4. Billy P. was a rear area hospital corpsman doing triage on wounded soldiers as they were brought into the hospital where he served. He saw too many soldiers die from their wounds and was having difficulty living with the guilt of making the decision of whether someone would receive lifesaving treatment first or not.
 
5. Ed M. was an M.P. at Tan Son Nhut Airbase in Saigon in January 1968 when the Tet Offensive was launched. The Vietcong overran the base, and, although they were ultimately defeated by US reinforcements, many of Ed's friends were killed or wounded. It was a night full of grenades and bombs exploding, tracer rounds whizzing by, and mass confusion in the dark, where friend and foe were indistinguishable. His nightmares lasted for 20 years, especially since he never got to say goodbye to anyone after that night.

6. Dave R. was a gunner on a Navy Swift Boat in the Mekong Delta, and while he never experienced the depth of personal horror that some of his friends from the group did, he witnessed daily carnage on the rivers as wartime atrocities were committed by both sides on innocent civilians. He was unable to shake those memories going into the two-week trip to Vietnam in 1989.

7. Bob S. was just a young Marine in 1967 and being "first to fight" in many engagements early on, he witnessed the horrors of war at close hand and held many of his fellow Marines as they died in his arms.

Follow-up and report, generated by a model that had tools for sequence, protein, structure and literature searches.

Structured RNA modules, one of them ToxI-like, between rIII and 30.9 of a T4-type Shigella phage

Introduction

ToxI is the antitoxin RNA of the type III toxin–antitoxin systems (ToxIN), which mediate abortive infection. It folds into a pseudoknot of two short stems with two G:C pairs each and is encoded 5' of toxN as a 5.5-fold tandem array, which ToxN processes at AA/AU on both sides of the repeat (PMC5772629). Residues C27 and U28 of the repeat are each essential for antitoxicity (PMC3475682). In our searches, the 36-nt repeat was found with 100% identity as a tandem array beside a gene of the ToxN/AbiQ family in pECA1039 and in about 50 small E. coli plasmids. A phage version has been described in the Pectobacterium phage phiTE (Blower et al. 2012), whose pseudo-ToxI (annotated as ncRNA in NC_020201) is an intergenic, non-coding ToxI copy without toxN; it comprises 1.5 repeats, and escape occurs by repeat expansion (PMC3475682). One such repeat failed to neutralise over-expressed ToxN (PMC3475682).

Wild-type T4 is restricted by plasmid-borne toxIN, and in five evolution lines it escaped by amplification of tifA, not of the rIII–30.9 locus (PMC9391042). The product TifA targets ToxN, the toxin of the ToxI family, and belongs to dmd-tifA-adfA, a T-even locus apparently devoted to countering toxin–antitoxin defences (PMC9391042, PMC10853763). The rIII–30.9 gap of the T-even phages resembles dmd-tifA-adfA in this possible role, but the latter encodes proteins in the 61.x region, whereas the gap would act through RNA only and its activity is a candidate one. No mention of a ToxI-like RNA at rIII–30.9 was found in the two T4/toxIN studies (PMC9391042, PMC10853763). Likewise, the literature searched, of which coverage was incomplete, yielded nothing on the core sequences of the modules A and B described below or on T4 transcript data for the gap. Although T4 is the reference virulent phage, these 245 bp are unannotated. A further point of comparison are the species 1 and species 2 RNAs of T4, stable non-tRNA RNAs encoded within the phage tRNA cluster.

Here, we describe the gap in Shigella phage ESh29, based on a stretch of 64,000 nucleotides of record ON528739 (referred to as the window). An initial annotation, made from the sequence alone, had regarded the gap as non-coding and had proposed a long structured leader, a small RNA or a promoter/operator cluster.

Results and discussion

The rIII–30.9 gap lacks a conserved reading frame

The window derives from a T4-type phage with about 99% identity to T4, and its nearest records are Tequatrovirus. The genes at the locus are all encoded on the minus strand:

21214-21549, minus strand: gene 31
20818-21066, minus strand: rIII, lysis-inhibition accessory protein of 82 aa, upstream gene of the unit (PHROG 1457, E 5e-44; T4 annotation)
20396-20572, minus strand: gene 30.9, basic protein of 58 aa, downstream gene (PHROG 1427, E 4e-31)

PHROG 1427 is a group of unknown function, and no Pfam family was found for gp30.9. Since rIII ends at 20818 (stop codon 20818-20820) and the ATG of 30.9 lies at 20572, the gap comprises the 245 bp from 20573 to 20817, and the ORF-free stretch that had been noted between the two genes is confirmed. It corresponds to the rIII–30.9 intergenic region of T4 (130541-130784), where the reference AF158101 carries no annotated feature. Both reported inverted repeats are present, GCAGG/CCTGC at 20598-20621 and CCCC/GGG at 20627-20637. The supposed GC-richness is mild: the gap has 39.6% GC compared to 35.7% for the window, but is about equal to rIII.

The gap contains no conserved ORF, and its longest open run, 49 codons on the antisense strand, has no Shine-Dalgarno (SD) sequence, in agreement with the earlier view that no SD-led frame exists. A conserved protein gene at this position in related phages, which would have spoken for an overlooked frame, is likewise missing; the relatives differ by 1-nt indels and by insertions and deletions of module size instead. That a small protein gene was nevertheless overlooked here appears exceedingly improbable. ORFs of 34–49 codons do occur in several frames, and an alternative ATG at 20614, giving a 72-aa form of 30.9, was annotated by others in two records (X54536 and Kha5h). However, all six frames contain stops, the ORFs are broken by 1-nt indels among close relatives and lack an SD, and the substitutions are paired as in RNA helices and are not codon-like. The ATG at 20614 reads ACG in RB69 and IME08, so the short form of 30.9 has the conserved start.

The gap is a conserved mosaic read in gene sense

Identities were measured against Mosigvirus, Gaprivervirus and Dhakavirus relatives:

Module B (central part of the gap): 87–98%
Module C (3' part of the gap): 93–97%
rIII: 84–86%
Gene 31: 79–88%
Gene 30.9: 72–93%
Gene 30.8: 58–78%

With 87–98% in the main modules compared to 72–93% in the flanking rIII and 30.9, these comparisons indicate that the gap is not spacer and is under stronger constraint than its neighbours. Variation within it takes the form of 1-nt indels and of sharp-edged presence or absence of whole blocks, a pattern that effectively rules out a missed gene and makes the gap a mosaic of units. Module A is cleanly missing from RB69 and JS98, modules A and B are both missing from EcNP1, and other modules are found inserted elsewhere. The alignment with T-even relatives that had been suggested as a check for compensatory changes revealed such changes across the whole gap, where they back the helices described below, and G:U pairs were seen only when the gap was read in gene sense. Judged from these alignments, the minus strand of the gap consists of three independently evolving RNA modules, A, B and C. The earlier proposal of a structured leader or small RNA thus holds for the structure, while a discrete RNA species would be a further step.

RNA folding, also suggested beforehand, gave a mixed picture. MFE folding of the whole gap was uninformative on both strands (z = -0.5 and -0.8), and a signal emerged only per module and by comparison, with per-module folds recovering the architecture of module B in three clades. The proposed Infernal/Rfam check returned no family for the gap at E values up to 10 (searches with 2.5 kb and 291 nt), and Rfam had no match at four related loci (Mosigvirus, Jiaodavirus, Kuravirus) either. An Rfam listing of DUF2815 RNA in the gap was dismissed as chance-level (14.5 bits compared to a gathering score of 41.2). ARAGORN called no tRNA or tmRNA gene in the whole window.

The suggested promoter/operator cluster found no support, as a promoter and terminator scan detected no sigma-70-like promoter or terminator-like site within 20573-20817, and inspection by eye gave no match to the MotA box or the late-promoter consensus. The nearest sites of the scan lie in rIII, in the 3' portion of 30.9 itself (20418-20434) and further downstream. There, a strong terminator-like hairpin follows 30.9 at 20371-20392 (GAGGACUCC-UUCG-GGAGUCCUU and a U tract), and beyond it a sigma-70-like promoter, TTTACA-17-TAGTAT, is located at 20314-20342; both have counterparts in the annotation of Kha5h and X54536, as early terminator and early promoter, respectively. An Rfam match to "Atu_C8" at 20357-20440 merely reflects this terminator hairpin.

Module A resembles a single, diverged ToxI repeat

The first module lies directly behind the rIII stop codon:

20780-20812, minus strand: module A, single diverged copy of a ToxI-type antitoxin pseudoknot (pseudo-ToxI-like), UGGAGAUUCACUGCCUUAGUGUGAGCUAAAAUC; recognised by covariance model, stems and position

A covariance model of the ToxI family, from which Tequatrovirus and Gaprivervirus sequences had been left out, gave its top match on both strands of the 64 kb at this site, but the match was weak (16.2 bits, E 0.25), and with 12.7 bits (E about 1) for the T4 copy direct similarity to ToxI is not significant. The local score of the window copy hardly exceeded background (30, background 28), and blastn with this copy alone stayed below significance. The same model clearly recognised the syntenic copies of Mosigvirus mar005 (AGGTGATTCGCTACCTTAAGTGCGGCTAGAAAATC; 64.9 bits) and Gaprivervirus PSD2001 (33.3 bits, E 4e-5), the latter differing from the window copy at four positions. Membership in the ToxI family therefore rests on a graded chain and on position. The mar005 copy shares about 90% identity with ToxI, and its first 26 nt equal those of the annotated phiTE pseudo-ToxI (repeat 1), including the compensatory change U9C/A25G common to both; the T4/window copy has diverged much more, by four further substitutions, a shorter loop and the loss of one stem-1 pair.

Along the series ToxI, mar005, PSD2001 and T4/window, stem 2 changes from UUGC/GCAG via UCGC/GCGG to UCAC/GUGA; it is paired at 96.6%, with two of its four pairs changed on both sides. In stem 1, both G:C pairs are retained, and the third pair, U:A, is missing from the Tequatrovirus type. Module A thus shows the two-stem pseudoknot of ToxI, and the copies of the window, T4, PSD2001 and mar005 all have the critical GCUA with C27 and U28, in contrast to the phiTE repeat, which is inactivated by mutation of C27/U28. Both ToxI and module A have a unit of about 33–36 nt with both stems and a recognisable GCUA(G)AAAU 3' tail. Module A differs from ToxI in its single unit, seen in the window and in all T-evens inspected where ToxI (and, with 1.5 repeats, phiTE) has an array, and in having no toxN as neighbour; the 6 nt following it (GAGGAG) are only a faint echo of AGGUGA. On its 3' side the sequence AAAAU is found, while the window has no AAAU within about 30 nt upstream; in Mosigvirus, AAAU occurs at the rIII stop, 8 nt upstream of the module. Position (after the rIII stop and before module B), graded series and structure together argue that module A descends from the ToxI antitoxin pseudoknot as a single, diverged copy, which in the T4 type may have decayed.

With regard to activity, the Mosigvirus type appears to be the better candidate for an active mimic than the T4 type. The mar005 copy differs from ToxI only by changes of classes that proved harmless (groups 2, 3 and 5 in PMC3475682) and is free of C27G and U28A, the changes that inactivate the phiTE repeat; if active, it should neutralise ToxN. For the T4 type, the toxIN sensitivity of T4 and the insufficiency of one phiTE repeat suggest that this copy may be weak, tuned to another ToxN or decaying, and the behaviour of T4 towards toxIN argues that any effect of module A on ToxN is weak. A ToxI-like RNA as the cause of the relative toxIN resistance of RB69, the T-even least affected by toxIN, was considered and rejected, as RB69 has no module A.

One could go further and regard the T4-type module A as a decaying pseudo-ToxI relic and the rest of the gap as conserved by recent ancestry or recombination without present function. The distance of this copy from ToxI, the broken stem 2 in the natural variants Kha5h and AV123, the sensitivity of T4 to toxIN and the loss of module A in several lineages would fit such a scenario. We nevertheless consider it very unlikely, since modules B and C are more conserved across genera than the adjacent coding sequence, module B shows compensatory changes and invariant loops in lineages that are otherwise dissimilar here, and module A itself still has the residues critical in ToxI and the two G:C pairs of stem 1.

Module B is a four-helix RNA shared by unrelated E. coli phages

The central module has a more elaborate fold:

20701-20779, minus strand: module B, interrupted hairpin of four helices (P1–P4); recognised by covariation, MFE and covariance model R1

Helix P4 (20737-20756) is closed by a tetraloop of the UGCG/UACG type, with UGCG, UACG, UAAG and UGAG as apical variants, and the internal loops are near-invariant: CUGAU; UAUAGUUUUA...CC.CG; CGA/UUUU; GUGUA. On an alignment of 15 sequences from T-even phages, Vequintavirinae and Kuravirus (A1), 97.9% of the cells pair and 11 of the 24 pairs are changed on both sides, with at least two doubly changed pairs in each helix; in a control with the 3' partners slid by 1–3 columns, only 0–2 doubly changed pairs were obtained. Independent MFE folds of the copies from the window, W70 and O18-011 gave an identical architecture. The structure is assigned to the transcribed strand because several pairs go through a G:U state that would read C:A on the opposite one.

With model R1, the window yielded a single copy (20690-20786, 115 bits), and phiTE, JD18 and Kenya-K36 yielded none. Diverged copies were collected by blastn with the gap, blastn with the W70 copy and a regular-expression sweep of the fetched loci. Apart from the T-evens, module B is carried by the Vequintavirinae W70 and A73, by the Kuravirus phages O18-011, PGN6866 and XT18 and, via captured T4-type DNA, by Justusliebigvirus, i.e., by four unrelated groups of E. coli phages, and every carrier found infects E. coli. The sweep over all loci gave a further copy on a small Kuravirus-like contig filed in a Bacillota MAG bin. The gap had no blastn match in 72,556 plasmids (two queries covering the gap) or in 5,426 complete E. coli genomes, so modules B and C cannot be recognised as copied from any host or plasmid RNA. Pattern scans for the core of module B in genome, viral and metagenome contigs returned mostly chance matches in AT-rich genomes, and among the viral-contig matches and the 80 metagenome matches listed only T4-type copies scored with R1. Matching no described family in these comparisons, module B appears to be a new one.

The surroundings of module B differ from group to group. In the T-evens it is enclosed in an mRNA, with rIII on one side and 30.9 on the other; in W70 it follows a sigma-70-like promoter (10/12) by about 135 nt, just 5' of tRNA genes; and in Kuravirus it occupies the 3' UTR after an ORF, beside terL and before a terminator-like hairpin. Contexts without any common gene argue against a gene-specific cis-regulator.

8. Mary B. was an operating room nurse at Long Binh Field Hospital when it came under a rocket attack one night and, as she and her fiancee were running toward a bunker, he threw himself on top of her to shield Mary from an incoming rocket. He was killed, and she was pinned underneath him for a few hours until help came. She relived that moment every night for 20 years.

The ItineraryTwo Decades & a Wakeup - Redux
These eight veterans were stationed in many different locations during their time in Vietnam, and the leaders of the trip had to overcome many logistical challenges to get these vets to the places where their trauma's occurred. Imagine the State Of California, and you can get a perspective on the size of Vietnam - it is slightly smaller than CA. However, take away highways, signage, telephones, and lodging and food availability and you can get a sense of the challenges that Ray, April and the producer, Steve Smith faced, as they tried to get everyone to where they needed to go within the two week period.

The trip was also time sensitive; since the US had not normalized relations with the Country of Vietnam and vice versa, the group was only allowed to stay for two weeks and then they had to leave Vietnam. To ensure compliance with this timetable and many other things, they were accompanied everywhere by official government guides who regulated where they could go or even stop by the side of the road. The good news is, they pulled it off and everyone got to go back to where their PTSD all started.

Next Week: The Conclusion of Two Decades and a Wakeup